Chicago Cubs Lose 100th Game for the First Time in 46 Years

By lauraludlum
Jennifer Stewart-US PRESSWIRE


Although a native east-coaster, I’ve always had a special place in my heart for the Chicago Cubs.  Maybe it’s because my cousin played for them for a short while.  Maybe it’s because when I lived in the Chicago area for about a year, if I mentioned another team my life was threatened.  Maybe it’s because I feel the pain of Cubs fans.  I mean, I’m a New York Mets fan, I get what it’s like to lose season after season.

But this year is exceptionally bad for the Cubbies faithful.

With tonight’s 3-0 loss against the Houston Astros, the Cubs have reached the 100 loss plateau; A feat that has not been seen by the franchise since 1966 when they went 59-103 (a record they also had just four years prior to that in 1962 to that as well).  Since they already have their 60th win, at least we know it won’t get that bad.

Since 1999, the Cubs have had 6 seasons with 90 or more losses, including last year with 91 losses.

With the Astros being even worse (54-106) than the Cubs, it’s between these two teams for the last place position in all of the major hitting categories.  The Cubs are 15th in the league in BA (.240), 16th and last in the league with a .302 on base percentage,   15th in the league in hits, and 14th in the league for runs (the Miami Marlins took the next to last spot in this category).

So they don’t hit, don’t get on base, and don’t score runs.  It’s that simple.

It’s amazing that Alfonso Soriano put up 108 RBIs, mostly because it’s shocking that there would be anyone on base for him when he stepped up to the plate.   Well, just about a third of the RBIs are himself since he hit also 32 home runs.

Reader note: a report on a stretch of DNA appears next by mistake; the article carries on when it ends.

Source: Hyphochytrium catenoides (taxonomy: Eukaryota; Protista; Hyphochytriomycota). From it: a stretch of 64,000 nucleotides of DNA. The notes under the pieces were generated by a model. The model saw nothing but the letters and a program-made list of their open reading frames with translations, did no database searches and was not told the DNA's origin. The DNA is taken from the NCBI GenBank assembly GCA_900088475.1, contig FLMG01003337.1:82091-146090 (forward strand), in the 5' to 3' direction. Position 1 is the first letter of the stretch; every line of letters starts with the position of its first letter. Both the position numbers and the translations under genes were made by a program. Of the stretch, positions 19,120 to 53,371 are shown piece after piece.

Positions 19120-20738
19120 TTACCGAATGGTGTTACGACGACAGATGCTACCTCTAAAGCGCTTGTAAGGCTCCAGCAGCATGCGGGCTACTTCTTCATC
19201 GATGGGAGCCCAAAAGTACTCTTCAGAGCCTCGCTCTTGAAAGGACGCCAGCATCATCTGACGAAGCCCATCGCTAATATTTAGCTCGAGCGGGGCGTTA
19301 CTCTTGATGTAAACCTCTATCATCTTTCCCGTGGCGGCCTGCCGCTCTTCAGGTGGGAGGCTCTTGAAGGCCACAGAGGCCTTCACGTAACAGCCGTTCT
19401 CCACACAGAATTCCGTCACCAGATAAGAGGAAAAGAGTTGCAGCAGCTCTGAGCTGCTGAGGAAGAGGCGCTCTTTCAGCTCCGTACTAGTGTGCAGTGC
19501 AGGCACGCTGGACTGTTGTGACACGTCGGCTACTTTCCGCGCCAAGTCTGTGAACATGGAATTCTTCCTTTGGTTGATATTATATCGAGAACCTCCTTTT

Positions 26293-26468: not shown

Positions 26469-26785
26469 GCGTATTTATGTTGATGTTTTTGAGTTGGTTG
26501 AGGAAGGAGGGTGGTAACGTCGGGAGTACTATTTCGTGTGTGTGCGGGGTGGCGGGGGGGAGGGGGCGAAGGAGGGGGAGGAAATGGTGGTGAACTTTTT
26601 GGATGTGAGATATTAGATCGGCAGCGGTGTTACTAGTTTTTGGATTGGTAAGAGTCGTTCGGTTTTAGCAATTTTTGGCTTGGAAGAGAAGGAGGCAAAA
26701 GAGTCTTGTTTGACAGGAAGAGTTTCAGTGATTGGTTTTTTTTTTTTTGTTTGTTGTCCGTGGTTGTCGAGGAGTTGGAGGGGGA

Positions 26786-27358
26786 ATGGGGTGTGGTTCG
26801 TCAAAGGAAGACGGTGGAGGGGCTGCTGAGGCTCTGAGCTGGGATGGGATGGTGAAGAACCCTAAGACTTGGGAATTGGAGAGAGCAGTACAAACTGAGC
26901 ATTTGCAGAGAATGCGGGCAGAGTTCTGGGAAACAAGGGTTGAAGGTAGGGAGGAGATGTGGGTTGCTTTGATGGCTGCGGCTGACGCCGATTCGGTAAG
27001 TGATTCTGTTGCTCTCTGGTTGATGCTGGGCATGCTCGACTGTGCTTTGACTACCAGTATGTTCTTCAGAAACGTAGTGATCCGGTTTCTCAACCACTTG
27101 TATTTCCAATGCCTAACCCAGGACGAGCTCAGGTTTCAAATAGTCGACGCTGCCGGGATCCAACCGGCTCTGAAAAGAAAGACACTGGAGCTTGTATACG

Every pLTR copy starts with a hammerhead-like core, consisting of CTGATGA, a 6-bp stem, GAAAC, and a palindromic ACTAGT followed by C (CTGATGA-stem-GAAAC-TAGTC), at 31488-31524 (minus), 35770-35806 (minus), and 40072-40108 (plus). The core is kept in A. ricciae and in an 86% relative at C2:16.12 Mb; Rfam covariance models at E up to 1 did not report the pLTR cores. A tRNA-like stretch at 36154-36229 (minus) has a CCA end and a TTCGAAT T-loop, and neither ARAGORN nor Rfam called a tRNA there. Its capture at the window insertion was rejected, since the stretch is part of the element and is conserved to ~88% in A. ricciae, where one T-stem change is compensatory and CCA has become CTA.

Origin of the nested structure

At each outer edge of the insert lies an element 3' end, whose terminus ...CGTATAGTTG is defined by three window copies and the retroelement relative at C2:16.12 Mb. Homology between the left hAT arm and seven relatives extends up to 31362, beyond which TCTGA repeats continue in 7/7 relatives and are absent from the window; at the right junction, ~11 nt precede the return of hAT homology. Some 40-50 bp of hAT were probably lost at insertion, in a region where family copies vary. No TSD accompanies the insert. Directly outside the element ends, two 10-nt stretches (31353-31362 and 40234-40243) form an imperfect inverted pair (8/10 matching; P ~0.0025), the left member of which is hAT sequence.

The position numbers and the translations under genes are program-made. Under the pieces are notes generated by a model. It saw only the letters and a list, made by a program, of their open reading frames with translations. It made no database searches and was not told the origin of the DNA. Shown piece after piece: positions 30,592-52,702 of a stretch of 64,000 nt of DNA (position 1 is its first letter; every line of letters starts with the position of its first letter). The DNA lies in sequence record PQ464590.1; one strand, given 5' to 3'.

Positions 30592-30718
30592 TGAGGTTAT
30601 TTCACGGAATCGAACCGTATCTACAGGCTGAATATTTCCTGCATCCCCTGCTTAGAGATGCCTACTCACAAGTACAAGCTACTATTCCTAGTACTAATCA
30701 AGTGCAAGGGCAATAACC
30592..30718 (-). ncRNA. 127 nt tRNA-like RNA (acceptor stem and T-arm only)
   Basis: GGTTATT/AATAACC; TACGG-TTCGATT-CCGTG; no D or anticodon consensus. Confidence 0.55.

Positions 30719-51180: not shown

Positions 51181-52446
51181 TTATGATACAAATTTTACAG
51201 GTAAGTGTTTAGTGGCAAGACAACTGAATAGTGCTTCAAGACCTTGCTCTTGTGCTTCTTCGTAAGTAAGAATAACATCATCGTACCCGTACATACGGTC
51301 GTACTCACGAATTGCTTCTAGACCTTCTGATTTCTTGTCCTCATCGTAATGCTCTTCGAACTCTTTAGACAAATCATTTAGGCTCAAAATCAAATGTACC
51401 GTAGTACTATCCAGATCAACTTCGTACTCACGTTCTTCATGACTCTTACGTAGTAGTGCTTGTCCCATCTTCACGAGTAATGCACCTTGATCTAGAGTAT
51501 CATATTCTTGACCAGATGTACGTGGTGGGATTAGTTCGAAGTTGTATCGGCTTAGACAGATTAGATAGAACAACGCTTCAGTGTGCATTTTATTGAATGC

The crazy thing is that the fans still come out to support these lovable losers.  The Cubs were top ten in average attendance this year.  Also, in the top ten of overall average attendance with just under 36,000 per game, the Cubs are actually tied for 6th in all of the MLB for percentage (Wrigley holds significantly less than the newer stadiums, but it is relatively fuller than most of the other teams’ ballparks.).

And that doesn’t include the buildings across the street which have rooftop seating, but isn’t factored in to Wrigley’s capacity.

I guess the pressure to better your team isn’t necessarily felt, when it seems that fans will come out to support the team no matter what.  Cubs fans, if you don’t want another generation to go by without a World Series Championship, maybe you should give Theo Espstein a sign.

Like 40,000 empty seats.


Follow me on Twitter: @BrownEyedNJGirl


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